Monday, April 13, 2015

April Showers

The spring rains have come. Days like today remind us why we lamb in the barn--so much more comfortable for The Farmer as he works with the sheep. Cold rain is also hard on newborn lambs, who struggle to get up and get the hang of nursing. That first hour or two are critical.



Our dog has a tendency to go on walkabout during extended lambing chores. Today she seems content to watch the rain from a comfortable, dry place.

Monday, April 6, 2015

A Busy 24 Hours (including photos of lamb birth)

Lambing officially began last Tuesday, March 31st, with a yearling that had twins. Everything was manageable until Easter Sunday, when we had 10 ewes give birth in 24 hours. Here are some of our "jugs" (a.k.a. bonding pens). The Farmer has 14 jugs set up and they were all full this morning. He has had to move some out to the mingling pens to make room for more.


Not sure how you all feel about birthing photos, but here we go. This ewe already had one lamb on the ground and was working on number two. You can see two front legs... In a textbook birth, the two front legs and head come together. The body easily follows after the head and shoulders are through. The hind legs are back for birthing. Unless the whole business is not textbook, of course.


Typically a laboring ewe will stand for a while, and lay down for a while and repeat as needed. Usually the lamb is delivered while the ewe is laying down.


At this moment, we have 27 lambs from 15 ewes, which puts us under 200% lamb crop. We've had several sets of triplets, but each triplet ewe has lost one of her lambs. Triplets are hard.

Friday, April 3, 2015

Compost Days at Shady Side Farm


We've been composting at Shady Side Farm for about 15 years. We were composting before compost was cool. Though, to be honest, compost has always been cool.

If you'd like increased soil fertility, biology and organic matter levels in your flower beds, your veggie gardens, or on your farm fields, please consider using our compost. This manure-based compost has been aged a year and is ready to use right now.

The Farmer will be available for two Saturdays in April to load your compost and explain how to use it, including application rates. Tomorrow is the first Saturday, April 4, from 9 - 3. We will also host a Compost Day on April 18, from 9 - 3.

Compost is available in (your own) 5-gallon buckets or by the loader scoop in your truck or trailer.

Email us at shadysidefarmmichigan@gmail.com for directions to the farm or answers to other questions.

Monday, March 16, 2015

The In-Between is Muddy and Messy

For well over a month now, those around me have been wishing for spring and grumbling (yes, GRUMBLING) about winter. I have been enjoying the slower pace of winter--I actually read a few books, and made a small dent in my magazine pile. I wove a bit (and cut up a lot of blue jeans) and even managed to get sick and need lots of rest at least twice.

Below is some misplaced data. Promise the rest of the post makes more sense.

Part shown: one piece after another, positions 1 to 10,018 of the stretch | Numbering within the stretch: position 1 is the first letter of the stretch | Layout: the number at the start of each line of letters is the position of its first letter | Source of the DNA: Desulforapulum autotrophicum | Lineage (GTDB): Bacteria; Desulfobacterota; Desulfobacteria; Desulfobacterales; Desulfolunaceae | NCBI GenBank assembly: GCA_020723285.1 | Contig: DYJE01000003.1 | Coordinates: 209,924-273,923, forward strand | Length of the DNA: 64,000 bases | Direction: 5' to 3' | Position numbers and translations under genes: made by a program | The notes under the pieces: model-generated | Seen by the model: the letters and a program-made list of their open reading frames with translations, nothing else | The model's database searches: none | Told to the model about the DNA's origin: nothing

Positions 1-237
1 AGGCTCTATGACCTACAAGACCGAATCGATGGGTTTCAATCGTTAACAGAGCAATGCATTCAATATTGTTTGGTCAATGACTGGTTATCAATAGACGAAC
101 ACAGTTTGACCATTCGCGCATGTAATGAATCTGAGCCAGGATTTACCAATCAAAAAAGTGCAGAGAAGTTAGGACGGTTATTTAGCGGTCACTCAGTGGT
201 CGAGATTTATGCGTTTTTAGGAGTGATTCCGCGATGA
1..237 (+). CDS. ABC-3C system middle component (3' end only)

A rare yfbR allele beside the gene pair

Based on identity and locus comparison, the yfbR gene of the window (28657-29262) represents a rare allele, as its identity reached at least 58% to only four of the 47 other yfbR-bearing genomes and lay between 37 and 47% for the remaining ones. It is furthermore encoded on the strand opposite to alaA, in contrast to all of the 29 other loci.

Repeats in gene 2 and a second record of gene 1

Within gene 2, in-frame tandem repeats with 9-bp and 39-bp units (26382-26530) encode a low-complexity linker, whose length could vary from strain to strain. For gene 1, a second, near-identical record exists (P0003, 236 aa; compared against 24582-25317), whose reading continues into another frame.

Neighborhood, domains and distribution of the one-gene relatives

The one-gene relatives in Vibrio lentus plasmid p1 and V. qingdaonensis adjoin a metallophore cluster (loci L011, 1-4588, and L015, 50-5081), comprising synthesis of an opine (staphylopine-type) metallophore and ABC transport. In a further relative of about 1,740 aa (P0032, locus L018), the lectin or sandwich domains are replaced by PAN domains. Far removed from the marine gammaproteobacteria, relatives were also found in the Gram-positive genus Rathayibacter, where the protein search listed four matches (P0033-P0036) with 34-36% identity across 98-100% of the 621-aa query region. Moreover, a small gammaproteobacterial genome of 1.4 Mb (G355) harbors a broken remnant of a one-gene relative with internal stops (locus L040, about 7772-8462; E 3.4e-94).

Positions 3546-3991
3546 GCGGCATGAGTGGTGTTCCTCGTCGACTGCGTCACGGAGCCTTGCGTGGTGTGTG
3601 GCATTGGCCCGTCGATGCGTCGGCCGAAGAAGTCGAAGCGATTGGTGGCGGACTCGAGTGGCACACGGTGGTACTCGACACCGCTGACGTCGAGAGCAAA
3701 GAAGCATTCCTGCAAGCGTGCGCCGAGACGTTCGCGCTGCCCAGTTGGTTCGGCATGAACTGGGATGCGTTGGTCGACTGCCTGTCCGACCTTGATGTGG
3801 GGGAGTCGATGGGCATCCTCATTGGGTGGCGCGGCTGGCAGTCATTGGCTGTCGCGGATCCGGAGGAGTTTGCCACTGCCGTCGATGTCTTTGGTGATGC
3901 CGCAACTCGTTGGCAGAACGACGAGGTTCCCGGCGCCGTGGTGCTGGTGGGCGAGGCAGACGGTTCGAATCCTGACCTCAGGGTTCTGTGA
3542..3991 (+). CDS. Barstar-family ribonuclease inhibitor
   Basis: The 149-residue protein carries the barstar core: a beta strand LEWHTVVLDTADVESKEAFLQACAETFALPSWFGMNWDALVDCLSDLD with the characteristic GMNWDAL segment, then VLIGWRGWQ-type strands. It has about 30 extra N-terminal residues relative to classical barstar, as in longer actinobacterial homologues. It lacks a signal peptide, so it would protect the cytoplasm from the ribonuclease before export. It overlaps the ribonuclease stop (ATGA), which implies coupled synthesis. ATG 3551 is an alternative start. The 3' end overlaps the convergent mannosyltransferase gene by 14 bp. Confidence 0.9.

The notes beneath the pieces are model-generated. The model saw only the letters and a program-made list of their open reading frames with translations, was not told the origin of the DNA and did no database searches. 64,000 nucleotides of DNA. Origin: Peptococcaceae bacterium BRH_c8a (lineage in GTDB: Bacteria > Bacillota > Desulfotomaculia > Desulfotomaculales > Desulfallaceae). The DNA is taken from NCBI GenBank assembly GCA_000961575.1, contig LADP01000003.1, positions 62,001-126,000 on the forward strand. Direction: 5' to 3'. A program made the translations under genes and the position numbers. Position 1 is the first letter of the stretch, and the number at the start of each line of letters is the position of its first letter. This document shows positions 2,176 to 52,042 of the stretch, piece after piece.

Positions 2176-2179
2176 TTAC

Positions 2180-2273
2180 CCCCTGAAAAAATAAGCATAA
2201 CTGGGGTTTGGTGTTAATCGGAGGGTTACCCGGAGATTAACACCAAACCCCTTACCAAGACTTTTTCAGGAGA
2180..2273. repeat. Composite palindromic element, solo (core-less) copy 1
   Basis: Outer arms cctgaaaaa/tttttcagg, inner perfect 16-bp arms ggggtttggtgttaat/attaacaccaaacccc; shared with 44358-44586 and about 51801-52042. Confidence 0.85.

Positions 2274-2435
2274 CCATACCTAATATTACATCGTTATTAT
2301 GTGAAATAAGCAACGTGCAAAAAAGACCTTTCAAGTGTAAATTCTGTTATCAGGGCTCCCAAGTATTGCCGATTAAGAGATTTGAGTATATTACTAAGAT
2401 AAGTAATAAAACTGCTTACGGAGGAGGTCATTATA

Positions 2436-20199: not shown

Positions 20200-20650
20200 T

So it hasn't been me doing the Come Hither, Spring! dance. While I have to admit that the longer days and sunshine and singing birds have been working me over, one of the main things I really don't like about Spring is the in-between stage. The messy, muddy stage.

Like when you walk into the back of the sheep barn, and find water. No animals live in the flooded part, but floods tend to get worse if you ignore them. So The Farmer went hunting to see if he could help alleviate the problem.


Ah, yes. The ditch was full of snow, which didn't allow any of the standing water to drain off.


It was time to start digging. This is the time of year when you really want your boots to be watertight.


Brinkley supervised the operation, when she wasn't chasing bunnies.


Eventually, the water started flowing.


And when it flowed, it really moved. This is a picture of the smaller ditch emptying into the larger, county drain. The water came out low in the ditch, under the current water level, creating lots of whoosh and bubbles.


Hopefully this will help with the muddy, messy situation soon. Come Hither, Spring!

Thursday, February 26, 2015

Cabin Fever? Consider Fiber Fridays


I am thoroughly enjoying the slower pace of winter, though I'm not wild about the extreme cold we've been enduring. I've worked a bit on decluttering, though there's plenty more to work on. I've read a few books. I've spent time weaving and crocheting. I've spent some time doing things that refresh me and contribute to long-term health.

But I hear some rumblings that winter is not widely-enjoyed by the rest of the general public. Something about cabin fever. Mutterings about endless white and cold. Some have escaped to warmer climates for a few days or a few weeks.

If you're stuck here in the great white north and need to get out of the house and do something different, why not come to our Fiber Fridays? We'll hold these each Friday from 10 - 4, until the work of the farm ramps up in the spring.

Bring your wheel or spindle or table loom or needles and hang out in our studio. We'll have water/tea/hot cocoa/coffee available, and there is a Subway nearby if you need something more substantial at lunch time. Come whenever you want between 10 and 4. We'll be working in the studio during this time, so you'll have company. And the on-farm shop will be open from 1 - 4 pm each Friday.

Post below or email me at using the green button in the left sidebar if you have any questions...

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